Monday, February 05, 2007

Lovie Smith: First Black Coach to Lose a Super Bowl!

The headline in my mind this morning: Lovie Smith becomes the first black coach in history to lose a Super Bowl.

As the predictable media continued to make race an issue Monday morning by focusing on the first black coach, Tony Dungy, to win a Super Bowl, I thought we should give equal time to the losing coach as well.

For the last two weeks, we, the fans of professional football, have had our intelligence insulted day after day as the drooling media made race the focus of the coach’s path to the Super bowl. Instead of qualifying the success of these two coaches, Tony Dungy and Lovie Smith, by showering us with their accolades of achievement, we were bombarded with the same race issue that, we, the general public, are never supposed to talk about (or more specifically, we, the non-black people).

When will the non-race/race factor stop?

Will we have to hear a few years from now about how so-and-so is ONLY the 12th black coach to ever lead a team to the Super Bowl? I mean, how far is this going to keep going? The football 'analysts' during the game last night pondered why there were no black owners in the NFL yet. The media continues to make race an issue when it should never be brought up and if someone (a white person) challenges this issue, well then your a racist.

I’m not a racist person by any means. I pretty much like everybody I meet and I try to never put a label on someone. We are all God’s creation and as far as I’m concerned there is only one race to begin with; the human race.

If race is not an issue, can we please stop talking about it and focus on the individual without looking at the skin color? Didn't someone once say, 'I have a dream that my four little children will one day live in a nation where they will not be judged by the color of their skin but by the content of their character.'

How many years has it been since those words were spoke? Dr. King's children are not little any more and they sill don't live in that nation yet; as the media has proved over the last two weeks.

8 comments:

Wadical said...

Dungy jumped on board pretty quick....with Super Bowl trophy in hand, the first sentence out of his mouth involved the phrase "African American". Why can't he just be a good coach? Why does he have to be a good "black" coach? To some, being black is like being gay...they must be black first. Black coach, black teacher, black leader, black lawyer, black preacher....heck...black ditch digger. Same with being gay. It seems that it is more important to be black than to be anything else....even good at what you do.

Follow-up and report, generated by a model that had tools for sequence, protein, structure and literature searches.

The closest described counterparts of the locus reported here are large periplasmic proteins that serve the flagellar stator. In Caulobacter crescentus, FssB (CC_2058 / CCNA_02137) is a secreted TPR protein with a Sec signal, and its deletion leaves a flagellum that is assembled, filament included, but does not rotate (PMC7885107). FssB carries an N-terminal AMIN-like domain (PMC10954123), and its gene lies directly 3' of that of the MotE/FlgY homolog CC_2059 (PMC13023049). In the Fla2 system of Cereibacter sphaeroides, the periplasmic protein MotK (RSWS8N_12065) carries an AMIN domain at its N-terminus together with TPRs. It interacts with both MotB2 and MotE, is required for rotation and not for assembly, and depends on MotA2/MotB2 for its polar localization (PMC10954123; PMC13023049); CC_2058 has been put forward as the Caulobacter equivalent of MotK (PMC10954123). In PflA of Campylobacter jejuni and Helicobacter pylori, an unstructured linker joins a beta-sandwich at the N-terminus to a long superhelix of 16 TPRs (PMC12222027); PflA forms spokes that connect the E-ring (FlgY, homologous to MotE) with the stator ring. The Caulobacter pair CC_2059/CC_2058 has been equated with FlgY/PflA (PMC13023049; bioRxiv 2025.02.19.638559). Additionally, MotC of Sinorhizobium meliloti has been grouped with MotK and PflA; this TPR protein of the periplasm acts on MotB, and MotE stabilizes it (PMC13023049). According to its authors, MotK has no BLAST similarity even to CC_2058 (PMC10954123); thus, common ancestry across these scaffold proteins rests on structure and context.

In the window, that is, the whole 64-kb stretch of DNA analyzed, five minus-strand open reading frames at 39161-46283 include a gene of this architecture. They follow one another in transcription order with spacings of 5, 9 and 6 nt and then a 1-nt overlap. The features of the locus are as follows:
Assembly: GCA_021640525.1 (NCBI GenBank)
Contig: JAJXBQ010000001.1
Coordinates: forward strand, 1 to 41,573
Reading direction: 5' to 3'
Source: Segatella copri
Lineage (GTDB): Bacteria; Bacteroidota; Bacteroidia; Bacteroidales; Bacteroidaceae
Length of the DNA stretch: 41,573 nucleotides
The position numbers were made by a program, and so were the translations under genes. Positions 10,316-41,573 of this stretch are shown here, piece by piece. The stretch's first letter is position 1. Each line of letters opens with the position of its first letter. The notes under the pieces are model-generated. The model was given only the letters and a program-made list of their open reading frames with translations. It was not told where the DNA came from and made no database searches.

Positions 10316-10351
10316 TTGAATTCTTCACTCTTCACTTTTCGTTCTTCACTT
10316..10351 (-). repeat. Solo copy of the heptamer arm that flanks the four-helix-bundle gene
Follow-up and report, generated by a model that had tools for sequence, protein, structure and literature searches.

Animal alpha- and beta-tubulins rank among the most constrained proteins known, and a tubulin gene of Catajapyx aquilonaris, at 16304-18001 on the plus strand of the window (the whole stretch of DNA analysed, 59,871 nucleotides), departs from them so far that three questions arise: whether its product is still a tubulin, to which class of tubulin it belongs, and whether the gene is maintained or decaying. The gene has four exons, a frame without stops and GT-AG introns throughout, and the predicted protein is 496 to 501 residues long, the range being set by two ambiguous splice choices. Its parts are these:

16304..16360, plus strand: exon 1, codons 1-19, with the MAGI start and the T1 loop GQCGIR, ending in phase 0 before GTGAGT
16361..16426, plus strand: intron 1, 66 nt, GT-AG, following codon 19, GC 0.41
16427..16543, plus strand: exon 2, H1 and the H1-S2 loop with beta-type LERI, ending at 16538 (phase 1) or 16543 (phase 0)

Anonymous said...

Dungy was a class act. He only mentioned his color because the media kept bringing it up. He formost gave the credit of his success to God and Jesus Christ. He said it over and over again in the days and weeks leading up to the Super Bowl. I admired him greatly for that.

Go Colts!

Anonymous said...

This is what he said-

"I'm proud to be the first African-
American coach to win this,But again, more than anything, Lovie Smith and I are not only African-American but also Christian coaches, showing you can do it the Lord's way. We're more proud of that."

AMEN

WayneDawg said...

Dungy and Smith are both class acts and I am not taking anything away from their character or their Christianity.

I am simply pointing out the hypocrisy that exists in the media when it comes to race.

It’s like WWW said, why does African American have to come before every high profile job title that a black person may have? How can this country be truly color blind until we stop labeling everyone that isn’t white?

Badbeans said...

The assumption is that equality means that the racial, ethnic, and gender make-up of any given organization should reflect the population, or else racism permeates the culture of the organization. But this flies in the face of what Dred Scott and Dr. King both taught in their rhetoric. Dred Scott only asked for the same opportunity to gain or achieve something, not that he wanted that something handed to him because of the color of his skin. And Dr. King taught that the content of the character of the man is what counted.

But on every occasion the guilty white liberals in the media cannot applaud the poor Negros who rise above the status that they have been dealt by society, almost to the degree of a mother who watches her child take his first steps, or perhaps the parent of a kindergartener who is graduating to first grade. Actually, this is telling of what liberals really think of the "oppressed" classes of people, that without the help of the guilty whites and the applause and encouragement for traits not of honed skill but of nothing more than the skin given by God can the oppressed be as good as white people.

When do we finally realize that people who have determination to achieve are the ones who achieve? When do we realize those who are willing to pay the price for success are the ones who succeed?

That's seems to be black and white to me.

WayneDawg said...

Good one Beans -

What's seems black and white to you and me is nothing but a rainbow to others. They have to see color no matter what.

sunshinedaily4me_wuz_here said...

I totally agree that the media has to make everything a race issue. It is ridiculous. Dungy is a class act!

mrclm said...

Dungy and Smith are both great men. Anybody who followed how Dungy handled his son's death last year knows that the Superbowl would not define Dungy.

I have an article on my blog Dungy's faith.

BTW, thanks for the link WayneDawg!

Big Chris
Because I said so blog